Why Hasn’t the U.S. Cracked Down on Hizballah in Latin America?

April 17 2018

The Iran-backed Lebanese terrorist organization Hizballah maintains an extensive network in South and Central America, where it plans attacks, engages in money laundering, and, most importantly, runs a major drug-smuggling operation that it uses to finance its military operations. During the Obama administration, a major American effort to unravel Hizballah’s illicit activities in the Western hemisphere was rolled back, most likely in pursuit of accommodation with Iran. Emanuele Ottolenghi argues that Washington must get tough with the jihadist group:

The White House has to show that it is prepared to take the lead by designating Hizballah . . . a Transnational Criminal Organization under U.S. law. . . . Although the Hizballah International Finance Prevention Act of 2015 required that the White House determine whether Hizballah meets the criteria for [this] designation, the Obama administration declined to do so. Both the House of Representatives and the Senate have passed legislation seeking to spur the executive branch into action, while giving its agencies sharper tools to go after the terror group. Yet the administration has not acted. . . .

To date, no Latin American country has designated Hizballah as a terrorist organization. . . . However, the United States can achieve much of the same effect [merely] by persuading other countries to recognize Hizballah as a narco-trafficking threat under their own laws. Yet for that request to be credible, the U.S. must do so first. . . .

[Take, for example, the] Ayman Joumaa network in Colombia, which laundered drug proceeds through a complex scheme involving used-car businesses in the United States and customers in West Africa. The Eastern District of Virginia indicted Joumaa in 2011 based on Drug Enforcement Agency evidence, but he remains at large. Even after the Joumaa case uncovered the prominent role of used-car sales, they remain an important part of Hizballah’s money-laundering schemes through West Africa. . . .

[T]he evidence accumulated over a decade of investigations in the United States and abroad makes a damning case for passing tougher legislation against Hizballah’s terror-crime nexus, and an even more compelling one for a Transnational Criminal Organization designation. What is President Trump waiting for?

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More about: Drugs, Hizballah, Iran, Latin America, U.S. Foreign policy

The U.S. Should Recognize Israeli Sovereignty over the Golan Heights

July 19 2018

Since the 1970s, American governments have sporadically pressured Jerusalem to negotiate the return of the Golan to Syria in exchange for peace. Had Israel given up this territory, Iranian forces would now be preparing to establish themselves on its strategically advantageous high ground. Michael Doran, testifying before the House of Representatives, argues that for this and other reasons, Congress should recognize Israeli sovereignty over the Golan. (Video is available at the link below.)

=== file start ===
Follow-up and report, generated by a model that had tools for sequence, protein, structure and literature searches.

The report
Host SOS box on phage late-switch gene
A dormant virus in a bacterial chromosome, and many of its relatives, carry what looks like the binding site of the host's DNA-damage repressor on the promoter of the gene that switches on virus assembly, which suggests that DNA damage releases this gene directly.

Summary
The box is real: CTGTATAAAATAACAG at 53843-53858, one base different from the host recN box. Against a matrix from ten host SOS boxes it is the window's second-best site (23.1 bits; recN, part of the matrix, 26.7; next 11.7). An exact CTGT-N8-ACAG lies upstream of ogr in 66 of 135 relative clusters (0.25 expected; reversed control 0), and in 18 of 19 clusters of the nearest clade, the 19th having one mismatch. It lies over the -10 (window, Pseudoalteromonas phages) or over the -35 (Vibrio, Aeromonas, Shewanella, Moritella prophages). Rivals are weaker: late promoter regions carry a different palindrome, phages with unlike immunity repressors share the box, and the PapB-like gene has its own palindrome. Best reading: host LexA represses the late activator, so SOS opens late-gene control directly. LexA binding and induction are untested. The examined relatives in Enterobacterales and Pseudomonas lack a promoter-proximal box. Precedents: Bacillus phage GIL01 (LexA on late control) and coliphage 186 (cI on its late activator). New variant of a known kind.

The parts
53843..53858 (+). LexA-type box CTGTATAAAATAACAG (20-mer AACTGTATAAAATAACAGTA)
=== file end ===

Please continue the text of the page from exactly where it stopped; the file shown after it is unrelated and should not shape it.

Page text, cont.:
Between 1949 and 1967, [the period during which Syria held the Golan], thousands of clashes erupted [there]. By contrast, ever since Israel took control of the Golan Heights in June 1967, they have served as a natural buffer between the two belligerents. The last 70 years serve as a laboratory of real life, and the results [of the experiment conducted therein] are incontrovertible: when in the hands of Syria, the Golan Heights promoted conflict. When in the hands of Israel, they have promoted stability. . . .

From the outbreak of the [Syrian] civil war, Iran and Russia have worked aggressively to shape the conflict so as to serve their interests. The influence of Iran is particularly worrisome because, in the division of labor between Moscow and Tehran, Russia provides the air power while Iran provides much of the ground forces. . . . Thanks to Iran’s newfound ground presence [in Syria], it is well on the way to completing a so-called “land bridge” stretching from Tehran to Beirut. There can be no doubt that a major aim of the land bridge is to increase the military pressure on Israel (and Jordan, too). . . .

Would Americans ever consciously choose to place Iranian soldiers on the Golan Heights, so that they could peer down their riflescopes at Jewish civilians below? Is there any American interest that would be served by allowing Iran to have direct access to the Sea of Galilee, Israel’s primary water reservoir? Would it ever be wise to place Iranian troops [where they could] serve as a wedge between Jordan and Israel? The answer to all of these questions, obviously, is no. And the clearest way to send that message to the world is to pass a law recognizing Israeli sovereignty over the Golan Heights.

As for the claim that the Jewish state’s seizure of the Golan in 1967 violates international law, Doran notes that Washington undermined this claim with its attempts in the 1990s to broker a deal between Jerusalem and Damascus:

The ready American (and Israeli) acceptance of the June 4, 1967 cease-fire line [as the basis for such a deal] is nothing short of startling. That line . . . leaves Syria in possession of territory along the shores of the Sea of Galilee and elsewhere that it acquired by force in 1948. In other words, to win over its enemy, [Syria], the Clinton administration dispensed with the principle of the impermissibility of the acquisition of territory by force—the very principle that the United States has remained ever-vigilant in applying to its ally, Israel.

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More about: Congress, Golan Heights, Iran, Israel & Zionism, Syrian civil war, U.S. Foreign policy